Student loans mainly include long-term loans made to finance tertiary education mainly in fixed real rates (UF) some of which some are guaranteed by the state. These loans, per Chilean regulations, must be classified as commercial loans since they are guaranteed by the Chilean State under Law 20.027 through CORFO, the government’s development agency.

 

Leasing transactions are agreements for the financial leasing of capital equipment and other property.

 

Other loans and accounts receivable loans include other loans and accounts payable.

 

Mortgage loans

 

Mortgage mutual loans mainly include mortgage loans (fixed and variable rate) that are inflation-indexed long-term loans with monthly payments of principal and interest secured by a real property mortgage. These are financed by issuing mortgage bonds.

 

Mortgage finance bond backed loans are inflation-indexed, fixed or variable rate, long-term loans with monthly payments of principal and interest secured by a real property mortgage that are financed with mortgage finance bonds. At the time of approval, these types of mortgage loans cannot be more than 75.0% of the lower of the purchase price or the appraised value of the mortgaged property or such loan will be classified as a commercial loan. Mortgage bonds are our general obligations, and we are liable for all principal and accrued interest on such bonds. In addition, if the issuer of a mortgage finance bond becomes insolvent, the New General Banking Law’s liquidation procedures provide that these types of mortgage loans with their corresponding mortgage bonds shall be auctioned as a unit and the acquirer must continue paying the mortgage finance bonds under the same conditions as the original issuer.

 

Other mortgage mutual loans mainly include mortgage loans (fixed and variable rate) that are inflation-indexed long-term loans with monthly payments of principal and interest secured by a real property mortgage. These are financed by our general borrowings.

 

50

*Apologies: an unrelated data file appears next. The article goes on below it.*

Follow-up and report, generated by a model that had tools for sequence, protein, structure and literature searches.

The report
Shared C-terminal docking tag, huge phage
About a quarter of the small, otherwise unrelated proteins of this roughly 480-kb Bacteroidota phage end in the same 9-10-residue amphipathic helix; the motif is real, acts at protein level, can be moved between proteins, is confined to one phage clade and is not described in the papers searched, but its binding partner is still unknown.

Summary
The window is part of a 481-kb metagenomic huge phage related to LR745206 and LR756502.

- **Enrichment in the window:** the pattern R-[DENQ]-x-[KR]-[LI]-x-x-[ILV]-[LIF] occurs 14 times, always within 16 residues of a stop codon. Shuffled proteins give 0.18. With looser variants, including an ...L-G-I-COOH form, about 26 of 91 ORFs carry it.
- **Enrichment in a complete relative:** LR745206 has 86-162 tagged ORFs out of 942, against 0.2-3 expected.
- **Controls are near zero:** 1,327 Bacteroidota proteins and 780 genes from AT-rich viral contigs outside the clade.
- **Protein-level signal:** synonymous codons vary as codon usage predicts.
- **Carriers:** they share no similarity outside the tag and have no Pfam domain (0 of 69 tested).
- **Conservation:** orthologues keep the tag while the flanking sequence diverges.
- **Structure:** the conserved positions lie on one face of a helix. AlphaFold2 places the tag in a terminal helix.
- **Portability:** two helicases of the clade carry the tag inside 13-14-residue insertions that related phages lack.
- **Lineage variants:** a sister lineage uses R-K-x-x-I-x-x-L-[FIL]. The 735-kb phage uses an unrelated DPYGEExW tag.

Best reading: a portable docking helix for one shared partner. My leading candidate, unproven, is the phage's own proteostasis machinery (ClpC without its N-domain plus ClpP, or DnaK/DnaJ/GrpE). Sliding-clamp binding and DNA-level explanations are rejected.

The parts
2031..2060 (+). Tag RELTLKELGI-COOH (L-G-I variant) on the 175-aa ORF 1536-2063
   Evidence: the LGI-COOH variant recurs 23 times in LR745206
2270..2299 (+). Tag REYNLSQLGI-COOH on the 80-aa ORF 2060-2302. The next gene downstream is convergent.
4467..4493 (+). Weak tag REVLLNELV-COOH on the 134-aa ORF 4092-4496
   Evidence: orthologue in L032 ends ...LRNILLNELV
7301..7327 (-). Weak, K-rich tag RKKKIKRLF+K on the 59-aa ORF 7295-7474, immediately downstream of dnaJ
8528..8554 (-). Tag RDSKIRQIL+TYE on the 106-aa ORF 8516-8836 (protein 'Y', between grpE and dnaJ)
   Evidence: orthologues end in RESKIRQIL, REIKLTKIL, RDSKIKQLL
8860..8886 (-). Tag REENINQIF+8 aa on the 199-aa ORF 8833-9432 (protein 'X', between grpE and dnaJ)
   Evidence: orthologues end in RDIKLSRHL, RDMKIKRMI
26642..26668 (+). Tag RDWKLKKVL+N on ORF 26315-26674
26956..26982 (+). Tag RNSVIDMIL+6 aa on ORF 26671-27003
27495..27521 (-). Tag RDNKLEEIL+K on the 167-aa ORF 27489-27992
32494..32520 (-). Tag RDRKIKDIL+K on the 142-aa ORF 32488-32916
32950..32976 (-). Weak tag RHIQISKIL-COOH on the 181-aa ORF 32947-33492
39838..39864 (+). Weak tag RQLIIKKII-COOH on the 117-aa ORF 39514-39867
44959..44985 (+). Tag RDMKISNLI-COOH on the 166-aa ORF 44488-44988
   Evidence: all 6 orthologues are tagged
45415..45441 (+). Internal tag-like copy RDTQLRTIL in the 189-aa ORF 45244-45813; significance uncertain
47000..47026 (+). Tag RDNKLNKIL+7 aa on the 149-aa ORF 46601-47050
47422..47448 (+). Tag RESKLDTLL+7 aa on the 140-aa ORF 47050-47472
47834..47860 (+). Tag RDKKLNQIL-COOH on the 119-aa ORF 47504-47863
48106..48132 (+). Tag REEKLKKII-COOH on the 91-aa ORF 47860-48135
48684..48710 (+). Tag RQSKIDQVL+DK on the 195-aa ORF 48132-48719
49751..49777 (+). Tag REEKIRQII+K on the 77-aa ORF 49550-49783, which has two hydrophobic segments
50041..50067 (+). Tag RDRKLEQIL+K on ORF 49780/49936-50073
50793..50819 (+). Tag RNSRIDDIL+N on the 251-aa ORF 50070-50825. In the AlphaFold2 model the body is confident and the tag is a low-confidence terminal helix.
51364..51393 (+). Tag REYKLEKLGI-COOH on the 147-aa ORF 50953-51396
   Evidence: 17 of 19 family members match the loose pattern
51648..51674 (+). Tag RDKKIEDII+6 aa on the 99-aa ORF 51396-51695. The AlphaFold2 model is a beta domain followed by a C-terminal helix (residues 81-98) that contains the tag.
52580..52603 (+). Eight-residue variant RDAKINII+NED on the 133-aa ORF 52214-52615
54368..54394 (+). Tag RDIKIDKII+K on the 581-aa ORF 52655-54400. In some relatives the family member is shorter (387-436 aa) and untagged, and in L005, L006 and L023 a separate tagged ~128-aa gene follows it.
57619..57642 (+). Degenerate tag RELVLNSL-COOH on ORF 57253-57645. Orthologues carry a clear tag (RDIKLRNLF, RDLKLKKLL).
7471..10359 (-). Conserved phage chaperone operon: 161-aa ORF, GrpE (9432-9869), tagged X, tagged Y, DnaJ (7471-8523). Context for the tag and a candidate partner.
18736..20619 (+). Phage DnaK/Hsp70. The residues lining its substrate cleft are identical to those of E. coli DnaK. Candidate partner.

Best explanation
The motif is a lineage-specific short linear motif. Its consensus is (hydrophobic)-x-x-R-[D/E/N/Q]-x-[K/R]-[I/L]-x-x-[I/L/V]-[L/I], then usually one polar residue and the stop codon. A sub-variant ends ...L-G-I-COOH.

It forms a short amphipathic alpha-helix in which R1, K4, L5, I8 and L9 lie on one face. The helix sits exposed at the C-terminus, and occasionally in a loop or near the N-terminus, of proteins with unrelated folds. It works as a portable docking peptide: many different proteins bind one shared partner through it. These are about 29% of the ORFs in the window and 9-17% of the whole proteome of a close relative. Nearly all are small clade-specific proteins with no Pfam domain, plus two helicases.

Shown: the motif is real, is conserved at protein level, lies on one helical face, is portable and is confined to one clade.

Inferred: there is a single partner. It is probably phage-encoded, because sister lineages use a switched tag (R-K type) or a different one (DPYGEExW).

Consumer loans

 

Installment consumer loans are loans to individuals, granted in Chilean pesos, generally on a fixed rate nominal basis, to finance the purchase of consumer goods or to pay for services. This includes auto loans originated through Santander Consumer Chile.

 

Consumer loans through lines of credit are checking overdraft lines to individuals, granted in Chilean pesos, generally on a fixed rate nominal basis and linked to an individual’s checking account.

 

Credit card loans include credit card balances subject to nominal fixed rate interest charges.

 

Consumer leasing contracts are agreements for the financial leasing of automobiles and other property to individuals.

 

Other loans and accounts receivable from customers include draft lines for individuals.

 

Non-client loans

 

Interbank loans are long-term and short-term loans made to other local or international banks, granted in Chilean pesos or foreign currencies, usually at a variable rate linked to LIBOR or other interbank rates.

 

Loans by Economic Activity

 

The following table sets forth, at the dates indicated, an analysis of our client loan portfolio based on the borrower’s principal economic activity and geographic distribution. Loans to individuals for business purposes are allocated to their economic activity.

 

  Domestic loans (*) Foreign interbank loans (**) Total loans % of total loans
  As of June 30, 2021 As of December 31, 2020 As of June 30, 2021 As of December 31, 2020 As of June 30, 2021 As of December 31, 2020 As of June 30, 2021 As of December 31, 2020
  (in millions of Ch$)
Commercial loans                                
Manufacturing  1,373,930   1,378,221   —     —     1,373,930   1,378,221   3.96%  4.01%
Mining  171,357   433,615   —     —     171,357   433,615   0.49%  1.26%
Electricity, gas and water  385,662   384,274   —     —     385,662   384,274   1.11%  1.12%
Agriculture and livestock  1,330,645   1,345,864   —     —     1,330,645   1,345,864   3.84%  3.91%
Forestry  182,286   179,176   —     —     182,286   179,176   0.53%  0.52%
Fishing  262,264   234,151   —     —     262,264   234,151   0.76%  0.68%
Transport  764,507   777,601   —     —     764,507   777,601   2.20%  2.26%
Communications  336,247   331,115   —     —     336,247   331,115   0.97%  0.96%
Construction  987,205   959,369   —     —     987,205   959,369   2.85%  2.79%
Commerce  3,831,876   3,712,568   7,643   14,339   3,839,519   3,726,907   11.07%  10.83%
Services  2,780,802   2,863,338   —     —     2,780,802   2,863,338   8.02%  8.32%
Other  4,520,402   4,442,835   —     —     4,520,402   4,442,835   13.04%  12.91%
Subtotals  16,927,183   17,042,127   7,643   14,339   16,934,826   17,056,466   48.83%  49.57%
Mortgage loans  12,971,106   12,411,825   —     —     12,971,106   12,411,825   37.40%  36.07%
Consumer loans  4,771,958   4,940,879   —     —     4,771,958   4,940,879   13.76%  14.36%
Total  34,670,247   34,394,831   7,643   14,339   34,677,890   34,409,170   100.00%  100.00%
 
(*)Includes domestic interbank loans for Ch$ 0 as of June 30, 2021 (Ch$ 4,591 million as of December 31, 2020), see Note 8 of the Unaudited Interim Consolidated Financial Statements.